The Société québécoise du cannabis (SQDC) has released its most recent quarterly report for sales between June 19, 2022, and September 10, 2022.
In the most recently-reported fiscal quarter, the SQDC saw $139.1 million in sales, with an overall net income of $22.3 million.
The province also brought in $33.6 million in their share of federal excise taxes ($47.1 million in total).
The sales in the most recent quarter were down slightly ($3.9 million) compared to the same period last year, where the province saw $142 million in sales. The SQDC sold 25,095 kg of cannabis during this most recent quarter.
Despite this drop relative to last year, sales were up slightly compared to the previous quarter. In Q1 2022, sales generated $54 million for the Quebec government, with the crown corporation posting a net income of $20.5 million and another $33.5 million in taxes.
The SQDC blames this “stagnation” of sales on the ongoing strike, which continues in 22 of their 90 branches. Although these branches are still open, they are operating at reduced hours and face picket line pressures.
The provincial organization is still negotiating with the Canadian Union of Public Employees (CUPE), which represents 28 of its 90 branches. Twenty-two of them have been on strike since May 20, and are operated by managers on a reduced schedule. In September, the Superior Court of Quebec issued an injunction to limit union “pressure tactics” against SQDC.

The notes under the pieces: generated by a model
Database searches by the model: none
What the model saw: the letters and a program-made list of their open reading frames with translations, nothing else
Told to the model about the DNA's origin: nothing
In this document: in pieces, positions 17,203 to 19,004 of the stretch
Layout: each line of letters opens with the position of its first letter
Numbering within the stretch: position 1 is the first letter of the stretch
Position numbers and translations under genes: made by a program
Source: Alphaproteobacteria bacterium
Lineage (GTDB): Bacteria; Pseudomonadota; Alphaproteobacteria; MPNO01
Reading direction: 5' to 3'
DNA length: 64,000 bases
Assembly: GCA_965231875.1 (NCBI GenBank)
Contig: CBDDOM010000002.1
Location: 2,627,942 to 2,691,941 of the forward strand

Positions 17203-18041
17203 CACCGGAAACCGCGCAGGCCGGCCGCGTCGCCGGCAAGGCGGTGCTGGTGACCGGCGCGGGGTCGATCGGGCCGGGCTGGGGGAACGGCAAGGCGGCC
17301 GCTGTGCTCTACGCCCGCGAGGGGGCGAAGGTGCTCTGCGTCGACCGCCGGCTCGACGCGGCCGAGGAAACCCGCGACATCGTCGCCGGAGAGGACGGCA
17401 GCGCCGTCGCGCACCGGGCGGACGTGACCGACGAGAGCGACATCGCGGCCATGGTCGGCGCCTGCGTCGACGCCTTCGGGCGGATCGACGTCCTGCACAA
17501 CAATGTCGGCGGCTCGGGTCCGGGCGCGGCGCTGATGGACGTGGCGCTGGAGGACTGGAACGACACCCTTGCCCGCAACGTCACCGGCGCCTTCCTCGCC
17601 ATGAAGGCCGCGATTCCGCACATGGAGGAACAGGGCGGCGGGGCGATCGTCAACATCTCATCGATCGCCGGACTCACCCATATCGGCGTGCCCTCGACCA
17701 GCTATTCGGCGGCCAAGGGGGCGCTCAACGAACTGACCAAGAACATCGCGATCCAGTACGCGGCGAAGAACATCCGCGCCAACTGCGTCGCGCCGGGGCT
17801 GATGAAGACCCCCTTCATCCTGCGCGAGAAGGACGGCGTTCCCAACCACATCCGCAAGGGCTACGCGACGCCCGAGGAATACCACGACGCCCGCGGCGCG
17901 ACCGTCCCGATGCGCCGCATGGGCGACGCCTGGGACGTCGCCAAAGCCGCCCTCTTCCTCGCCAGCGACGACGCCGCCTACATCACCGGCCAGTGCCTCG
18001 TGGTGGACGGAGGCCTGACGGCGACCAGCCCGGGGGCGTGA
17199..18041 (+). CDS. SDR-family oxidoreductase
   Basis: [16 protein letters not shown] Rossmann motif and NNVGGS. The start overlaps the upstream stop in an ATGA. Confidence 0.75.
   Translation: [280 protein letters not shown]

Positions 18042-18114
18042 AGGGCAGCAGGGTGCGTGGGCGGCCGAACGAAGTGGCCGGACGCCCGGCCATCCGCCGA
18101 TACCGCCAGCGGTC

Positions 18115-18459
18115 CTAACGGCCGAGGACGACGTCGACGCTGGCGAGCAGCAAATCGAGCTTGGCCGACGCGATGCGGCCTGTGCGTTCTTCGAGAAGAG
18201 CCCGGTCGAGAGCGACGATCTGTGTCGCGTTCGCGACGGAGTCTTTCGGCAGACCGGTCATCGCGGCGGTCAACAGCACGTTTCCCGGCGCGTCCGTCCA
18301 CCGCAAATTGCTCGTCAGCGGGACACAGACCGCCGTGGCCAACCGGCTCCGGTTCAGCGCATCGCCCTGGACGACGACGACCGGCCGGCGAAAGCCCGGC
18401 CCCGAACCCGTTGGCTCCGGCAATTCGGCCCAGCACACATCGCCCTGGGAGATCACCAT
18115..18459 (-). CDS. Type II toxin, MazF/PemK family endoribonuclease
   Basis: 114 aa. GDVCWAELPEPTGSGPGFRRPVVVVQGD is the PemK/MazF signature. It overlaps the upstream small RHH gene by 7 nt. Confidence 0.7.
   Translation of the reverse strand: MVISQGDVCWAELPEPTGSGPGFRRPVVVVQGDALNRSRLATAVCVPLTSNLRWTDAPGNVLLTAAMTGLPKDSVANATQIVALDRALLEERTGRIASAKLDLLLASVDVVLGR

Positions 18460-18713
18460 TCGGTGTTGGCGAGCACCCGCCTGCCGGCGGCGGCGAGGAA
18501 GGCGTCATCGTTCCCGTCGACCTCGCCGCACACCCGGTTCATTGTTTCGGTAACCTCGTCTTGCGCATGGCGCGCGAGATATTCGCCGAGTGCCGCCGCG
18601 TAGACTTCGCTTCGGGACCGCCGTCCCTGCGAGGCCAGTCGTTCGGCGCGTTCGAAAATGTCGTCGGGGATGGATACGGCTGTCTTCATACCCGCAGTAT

In June, members of a different union, the Confederation of National Trade Unions (CSN), voted to accept an agreement with the SQDC for increased wages, hours, and better working conditions.
Like other provinces, the majority of sales are through brick-and-mortar storefronts. The majority of the 3.2 million transactions through the SQDC (23,864 kg or $132.5 million) were through the now 90 stores operating in the province (as of August 1), while just over 5% of sales were through the SQDC’s online store (1,231 kg) for a total of $6.6 million.
Net operating expenses for the SQDC totalled $21.5M, for a ratio of 15.5% of sales.
The province has also been expanding and changing its approach to cannabis. The SQDC introduced a 90-minute delivery service for the greater Quebec City region and certain localities in Saguenay–Lac-Saint-Jean. Currently in the test phase, the program could be rolled out more widely in the coming months.
The province also introduced several new cannabis edibles that adhere to the province’s strict limits on such products, namely cannabis-infused oven-baked beets, dehydrated cauliflower, and dried figs and “cannabis bites” made of dates, hemp hearts, sunflower seeds, currants, and cinnamon. They are produced by Ontario producer Aphria under their Solei brand.
Earlier this year, the SQDC’s President and CEO Jacques Farcy told StratCann that the province plans to begin shifting from adding new stores to refining consumer experience, including a new “small lot” program to introduce new, unique products into the market.
If the pilot project is successful based on producer and consumer feedback, the SQDC plans on fully implementing the program in April-May 2023.
Quebec reinvests its cannabis revenue in cannabis prevention and research, and to combat any harm related to the use of psychoactive substances.
As of September 10, 2022, the SQDC had 1,036 employees within its network and head office.
In comparison, British Columbia—which has about 5.3 million residents compared to Quebec’s 8.5 million—sold just under $110 million worth of cannabis in Q1, while Ontario’s Q2 results showed $394 million in sales. Ontario’s population is about 15 million.
While Quebec had about 70 stores in their most recent reporting period, BC had around 440. Ontario had about 1,100.